The final thing we were looking forward to in Patagonia was the “W” trek in Torres Del Paine National Park in Chile. The views are famous world wide and we couldn’t wait to see the glaciers, lakes and granite spires the trek is known for in person. We began our hike on September 16th, starting on the west side of the park at the Paine Grande refugio, up to Glacier Gray and then heading east to the Frances mirador, Cuernos camp and the Torres themselves.
Day 1) Puerto Natales – Refugio Grey (11 KM)
We caught the 7:30 A.M. bus, having bought our tickets from the hostel. Once we got on the bus it took us to the ranger station at the entrance of the park to pay the entrance fee. Some people started trekking from here but since we were heading from West to East we stayed on the bus until the Pehoe bus stop so we could board the ferry to Paine Grande refugio. The ferry dropped us off and we immediately started hiking to Glacier Gray refugio. We checked in and took a quick 15 minute hike to see the glacier.
Day2) Refugio Grey – Paine Grande (19 KM)
The second day we left our bags at the refugio and made the trek further into the park to get up close and personal with the glacier. The best spot to view the glacier is from the suspension bridge, so make sure you walk out on it! Once we finished with the glacier we headed back the same direction to refugio Grey and grabbed our bags to make the rest of the trek to Paine Grande refugio.
Day 3) Paine Grande – Los Cuernos (26 KM)
The third day was another long day for us. We were hoping to get out on the trail early in the morning, but the breakfast ended up taking a while for me to eat. I literally tried to eat two giant pieces of bread without any water. I felt like someone had dared me to do the saltine cracker challenge but we had paid $15 for breakfast so I was going to eat it come hell or high water. After I got the concrete out of my mouth, 30 minutes later, I was able to start the trek. We walked to Campamento Italiano and put our bags under the ranger station and started walking up the French Valley. We made the decision not to walk to the second lookout because we had heard that the last part was closed, so we stopped at the first lookout. We were super lucky because as we were standing there a huge avalanche happened on the mountain and we were able to film it. We headed back down to the camp and grabbed our bags to make it to Los Cuernos refugio for the night.
Day 4) Los Cuernos – Torres Camp (20 Km)
By day 4 we were really feeling the longs days on our feet. We woke up today with expectations of this being one of the hardest days on the trail. Although we had a lot of distance to cover the terrain was not nearly as rocky as the days past so we were able to move quickly. However the last little push to the free Torres campground was very tough for us! Once we set up camp we were able to hike up to the Torres for the first time. They are amazing, and at the end of the day we were the only people up there. We even spotted a very tame fox that walked within 10 feet of us, with little concern for what we were doing.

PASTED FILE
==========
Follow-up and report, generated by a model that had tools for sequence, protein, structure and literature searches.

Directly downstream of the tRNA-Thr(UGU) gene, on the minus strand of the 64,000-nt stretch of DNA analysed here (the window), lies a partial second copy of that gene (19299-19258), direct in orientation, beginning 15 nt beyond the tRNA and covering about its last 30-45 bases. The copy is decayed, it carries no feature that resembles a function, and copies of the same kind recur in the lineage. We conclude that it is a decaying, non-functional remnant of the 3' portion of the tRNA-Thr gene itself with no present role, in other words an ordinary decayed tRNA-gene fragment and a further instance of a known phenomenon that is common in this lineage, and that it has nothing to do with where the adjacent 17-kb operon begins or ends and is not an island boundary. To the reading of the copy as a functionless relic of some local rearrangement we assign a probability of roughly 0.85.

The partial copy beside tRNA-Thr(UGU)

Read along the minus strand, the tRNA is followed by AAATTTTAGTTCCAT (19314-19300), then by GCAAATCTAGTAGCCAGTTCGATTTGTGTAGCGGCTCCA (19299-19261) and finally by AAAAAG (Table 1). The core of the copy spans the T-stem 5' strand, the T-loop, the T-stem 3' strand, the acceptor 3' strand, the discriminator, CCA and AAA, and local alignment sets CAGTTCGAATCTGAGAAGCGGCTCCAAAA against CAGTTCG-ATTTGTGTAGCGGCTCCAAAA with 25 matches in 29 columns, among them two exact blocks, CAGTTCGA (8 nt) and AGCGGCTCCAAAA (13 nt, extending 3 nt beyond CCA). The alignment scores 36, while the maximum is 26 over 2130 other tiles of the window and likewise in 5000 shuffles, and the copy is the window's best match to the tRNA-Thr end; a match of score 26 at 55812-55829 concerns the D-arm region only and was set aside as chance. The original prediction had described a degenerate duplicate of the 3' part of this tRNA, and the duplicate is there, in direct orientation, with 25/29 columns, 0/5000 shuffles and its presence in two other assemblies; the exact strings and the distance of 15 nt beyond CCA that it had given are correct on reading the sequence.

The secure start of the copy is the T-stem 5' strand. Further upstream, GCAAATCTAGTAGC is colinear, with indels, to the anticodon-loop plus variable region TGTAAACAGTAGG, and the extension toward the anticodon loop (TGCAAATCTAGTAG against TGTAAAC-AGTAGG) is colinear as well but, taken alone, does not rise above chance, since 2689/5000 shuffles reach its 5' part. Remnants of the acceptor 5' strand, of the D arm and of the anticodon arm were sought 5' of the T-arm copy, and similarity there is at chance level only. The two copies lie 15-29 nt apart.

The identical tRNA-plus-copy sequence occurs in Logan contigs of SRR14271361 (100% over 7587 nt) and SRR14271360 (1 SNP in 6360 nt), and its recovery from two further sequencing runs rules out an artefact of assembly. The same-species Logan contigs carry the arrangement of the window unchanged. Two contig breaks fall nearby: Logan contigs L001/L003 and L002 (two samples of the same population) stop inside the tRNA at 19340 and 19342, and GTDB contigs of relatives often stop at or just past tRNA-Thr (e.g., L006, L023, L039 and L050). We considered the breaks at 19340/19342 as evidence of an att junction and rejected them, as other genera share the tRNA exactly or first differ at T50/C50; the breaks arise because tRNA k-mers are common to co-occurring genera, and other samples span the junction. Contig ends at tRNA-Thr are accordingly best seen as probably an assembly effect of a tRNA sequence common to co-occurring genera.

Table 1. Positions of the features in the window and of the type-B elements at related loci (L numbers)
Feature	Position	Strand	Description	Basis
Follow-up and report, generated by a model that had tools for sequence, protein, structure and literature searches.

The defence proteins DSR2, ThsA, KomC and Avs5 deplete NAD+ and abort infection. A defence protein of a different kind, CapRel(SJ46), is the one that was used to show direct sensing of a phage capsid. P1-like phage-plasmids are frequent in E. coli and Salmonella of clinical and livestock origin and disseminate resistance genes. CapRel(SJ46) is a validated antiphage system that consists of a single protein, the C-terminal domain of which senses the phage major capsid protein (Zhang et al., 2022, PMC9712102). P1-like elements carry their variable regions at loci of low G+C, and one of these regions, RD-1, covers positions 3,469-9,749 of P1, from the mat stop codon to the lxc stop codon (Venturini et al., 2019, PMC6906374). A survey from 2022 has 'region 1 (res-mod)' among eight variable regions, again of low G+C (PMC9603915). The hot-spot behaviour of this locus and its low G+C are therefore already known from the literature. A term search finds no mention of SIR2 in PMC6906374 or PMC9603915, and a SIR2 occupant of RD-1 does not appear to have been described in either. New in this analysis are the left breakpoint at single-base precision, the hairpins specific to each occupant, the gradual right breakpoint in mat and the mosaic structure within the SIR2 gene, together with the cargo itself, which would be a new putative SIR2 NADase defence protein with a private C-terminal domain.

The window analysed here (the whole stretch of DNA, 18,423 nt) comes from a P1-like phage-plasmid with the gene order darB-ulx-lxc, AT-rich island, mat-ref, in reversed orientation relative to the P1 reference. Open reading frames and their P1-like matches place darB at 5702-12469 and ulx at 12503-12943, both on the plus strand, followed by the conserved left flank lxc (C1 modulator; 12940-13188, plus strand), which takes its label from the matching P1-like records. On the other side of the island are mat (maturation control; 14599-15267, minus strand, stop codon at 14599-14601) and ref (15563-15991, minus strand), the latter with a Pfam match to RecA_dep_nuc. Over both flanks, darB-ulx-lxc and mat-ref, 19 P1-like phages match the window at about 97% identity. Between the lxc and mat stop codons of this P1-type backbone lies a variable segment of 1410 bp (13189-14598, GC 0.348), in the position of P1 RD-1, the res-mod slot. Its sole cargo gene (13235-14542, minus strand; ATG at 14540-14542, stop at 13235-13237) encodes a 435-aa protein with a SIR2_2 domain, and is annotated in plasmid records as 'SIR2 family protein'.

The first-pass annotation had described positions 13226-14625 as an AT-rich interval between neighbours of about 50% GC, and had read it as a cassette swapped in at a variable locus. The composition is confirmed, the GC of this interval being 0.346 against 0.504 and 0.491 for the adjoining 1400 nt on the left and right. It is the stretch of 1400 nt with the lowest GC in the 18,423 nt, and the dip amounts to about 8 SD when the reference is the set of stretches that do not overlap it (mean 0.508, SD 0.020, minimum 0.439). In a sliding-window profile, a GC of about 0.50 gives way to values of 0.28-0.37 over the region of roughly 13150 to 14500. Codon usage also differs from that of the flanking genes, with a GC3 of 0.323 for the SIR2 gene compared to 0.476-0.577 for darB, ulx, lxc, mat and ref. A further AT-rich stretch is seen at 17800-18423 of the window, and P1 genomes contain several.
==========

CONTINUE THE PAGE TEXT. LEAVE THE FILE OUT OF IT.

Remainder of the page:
Day 5) Torres Camp – Hotel Las Torres (16 Km)
This last day was a little disappointing for us, it was cold and rainy and we slept in a bit later than we should have. We only got to witness the sunrise for a short amount of time on the Torres. However, they are still a great site and definitely worth the hike, no matter what time of day you see them. Once we were done viewing the Torres we headed back down to our campsite and finished packing our tent and gear and made our way back to the end of the trek. We made it down to the hotel around 1:00 P.M. just in time to grab a snack and take in the views of the mountains for the last time. The bus came and picked us up right from the shop outside the hotel at 2:00 P.M. and brought us back to the Laguna Armaga ranger station. We were then able to catch the bus back to Puerto Natales.
Backpacker Steve’s website was a huge help for us when planning and finding details for the trek through the park. Here is a link to his site where you can find useful information about trekking Torres Del Paine National Park, and other areas in Patagonia.